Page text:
Intended for healthcare professionals


Treating reading difficulties with colour

BMJ 2014; 349 doi: (Published 19 August 2014) Cite this as: BMJ 2014;349:g5160
  1. Lisa M Henderson, lecturer1,
  2. Robert H Taylor, consultant ophthalmologist2,
  3. Brendan Barrett, professor of visual development3,
  4. Philip G Griffiths, consultant ophthalmologist4
  1. 1Department of Psychology, University of York, York, UK
  2. 2Department of Ophthalmology, York Hospital, York, UK,
  3. 3School of Optometry and Vision Science, University of Bradford, Bradford, UK
  4. 4St Bernard’s Hospital, Harbour Views Road, Gibraltar GX11 1AA
  1. Correspondence to: P G Griffiths philip.griffiths{at}

UK dyslexia charities should present a more balanced view

Around 3-6% of children in the United Kingdom have substantial difficulties learning to read, a condition often referred to as dyslexia. They are at high risk of educational underachievement. In a 1996 editorial in The BMJ, Margaret Snowling argued that dyslexia is a verbal (not a visual) disorder.1 An accumulation of evidence supports this position and shows that reading difficulties are best dealt with by interventions that target underlying weaknesses in phonological language skills and letter knowledge.2 The 2009 Rose report, which provides guidance for professionals in schools on identifying and teaching young people with dyslexia and reading difficulties, stresses the importance of early, phonological interventions.3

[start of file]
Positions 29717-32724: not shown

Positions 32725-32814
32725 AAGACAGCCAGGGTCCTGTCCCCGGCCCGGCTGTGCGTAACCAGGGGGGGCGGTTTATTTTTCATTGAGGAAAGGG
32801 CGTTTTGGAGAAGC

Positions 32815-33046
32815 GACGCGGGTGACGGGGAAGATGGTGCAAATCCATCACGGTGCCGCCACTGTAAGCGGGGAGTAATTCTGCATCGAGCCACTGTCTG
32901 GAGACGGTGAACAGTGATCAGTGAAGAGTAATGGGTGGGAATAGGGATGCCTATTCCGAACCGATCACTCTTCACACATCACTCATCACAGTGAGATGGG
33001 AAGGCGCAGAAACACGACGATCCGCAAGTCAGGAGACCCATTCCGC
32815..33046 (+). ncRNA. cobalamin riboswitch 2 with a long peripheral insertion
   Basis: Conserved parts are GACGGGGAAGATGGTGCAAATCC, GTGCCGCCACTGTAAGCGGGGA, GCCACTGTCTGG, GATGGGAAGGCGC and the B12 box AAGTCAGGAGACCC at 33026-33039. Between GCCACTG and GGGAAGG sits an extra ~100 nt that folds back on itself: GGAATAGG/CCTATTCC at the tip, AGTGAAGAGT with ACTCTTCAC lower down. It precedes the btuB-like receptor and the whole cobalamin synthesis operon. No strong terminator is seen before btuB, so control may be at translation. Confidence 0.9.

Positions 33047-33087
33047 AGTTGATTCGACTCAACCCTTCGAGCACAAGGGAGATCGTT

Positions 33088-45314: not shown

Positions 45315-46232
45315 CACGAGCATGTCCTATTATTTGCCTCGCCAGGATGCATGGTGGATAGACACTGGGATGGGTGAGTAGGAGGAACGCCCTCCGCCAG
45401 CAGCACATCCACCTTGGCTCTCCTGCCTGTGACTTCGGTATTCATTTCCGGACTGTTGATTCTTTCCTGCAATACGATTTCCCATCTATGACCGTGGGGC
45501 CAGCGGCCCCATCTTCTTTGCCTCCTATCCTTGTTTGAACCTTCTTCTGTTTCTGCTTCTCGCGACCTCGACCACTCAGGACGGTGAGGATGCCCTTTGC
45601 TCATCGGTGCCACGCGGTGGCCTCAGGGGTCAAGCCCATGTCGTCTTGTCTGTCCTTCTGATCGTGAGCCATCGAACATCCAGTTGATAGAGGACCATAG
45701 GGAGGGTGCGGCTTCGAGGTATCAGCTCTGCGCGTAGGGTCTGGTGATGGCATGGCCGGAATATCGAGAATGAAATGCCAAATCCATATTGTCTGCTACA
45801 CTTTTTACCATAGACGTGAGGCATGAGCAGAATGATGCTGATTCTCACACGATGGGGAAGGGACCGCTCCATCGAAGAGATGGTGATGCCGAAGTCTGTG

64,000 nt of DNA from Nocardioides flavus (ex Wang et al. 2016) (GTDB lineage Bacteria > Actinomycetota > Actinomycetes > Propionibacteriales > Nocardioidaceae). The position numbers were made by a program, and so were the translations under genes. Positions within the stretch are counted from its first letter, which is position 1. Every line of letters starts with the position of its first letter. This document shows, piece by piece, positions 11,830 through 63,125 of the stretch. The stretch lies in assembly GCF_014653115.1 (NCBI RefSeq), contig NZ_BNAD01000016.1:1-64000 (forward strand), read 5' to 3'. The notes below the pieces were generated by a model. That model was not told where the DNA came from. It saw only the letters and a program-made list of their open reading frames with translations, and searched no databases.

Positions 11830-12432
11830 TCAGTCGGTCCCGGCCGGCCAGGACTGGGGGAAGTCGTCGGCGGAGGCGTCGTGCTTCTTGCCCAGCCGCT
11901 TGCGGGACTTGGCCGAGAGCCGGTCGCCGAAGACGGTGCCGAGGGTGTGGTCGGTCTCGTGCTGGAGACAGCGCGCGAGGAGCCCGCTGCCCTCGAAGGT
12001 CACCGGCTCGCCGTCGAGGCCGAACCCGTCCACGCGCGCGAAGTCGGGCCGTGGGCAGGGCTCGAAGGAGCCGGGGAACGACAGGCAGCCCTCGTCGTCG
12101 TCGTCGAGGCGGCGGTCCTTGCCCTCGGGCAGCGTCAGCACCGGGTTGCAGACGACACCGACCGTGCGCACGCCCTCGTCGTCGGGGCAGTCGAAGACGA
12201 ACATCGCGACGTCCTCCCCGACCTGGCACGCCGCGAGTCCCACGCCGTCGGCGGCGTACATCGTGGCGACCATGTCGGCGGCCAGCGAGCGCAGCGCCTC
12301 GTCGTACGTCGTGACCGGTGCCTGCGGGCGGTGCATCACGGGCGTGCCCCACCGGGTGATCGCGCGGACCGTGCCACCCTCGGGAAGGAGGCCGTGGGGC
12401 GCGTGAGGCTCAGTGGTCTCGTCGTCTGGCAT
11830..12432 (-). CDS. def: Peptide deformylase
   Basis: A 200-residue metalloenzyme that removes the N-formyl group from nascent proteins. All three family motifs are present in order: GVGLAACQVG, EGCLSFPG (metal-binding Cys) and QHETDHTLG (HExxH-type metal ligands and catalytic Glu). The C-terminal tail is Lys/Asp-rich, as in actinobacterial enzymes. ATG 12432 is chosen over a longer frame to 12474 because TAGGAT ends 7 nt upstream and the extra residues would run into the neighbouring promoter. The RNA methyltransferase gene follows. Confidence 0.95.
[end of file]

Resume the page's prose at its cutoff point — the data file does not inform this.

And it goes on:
Despite this evidence, dyslexia is often associated with subjective experiences of visual distortions that lead to discomfort during reading (sometimes termed visual stress). It has been argued that these symptoms can be alleviated by using coloured overlays and lenses.4 Symptoms of visual stress are not unique to dyslexia, and proponents do not claim that the use of colour directly addresses the underlying cause of the …

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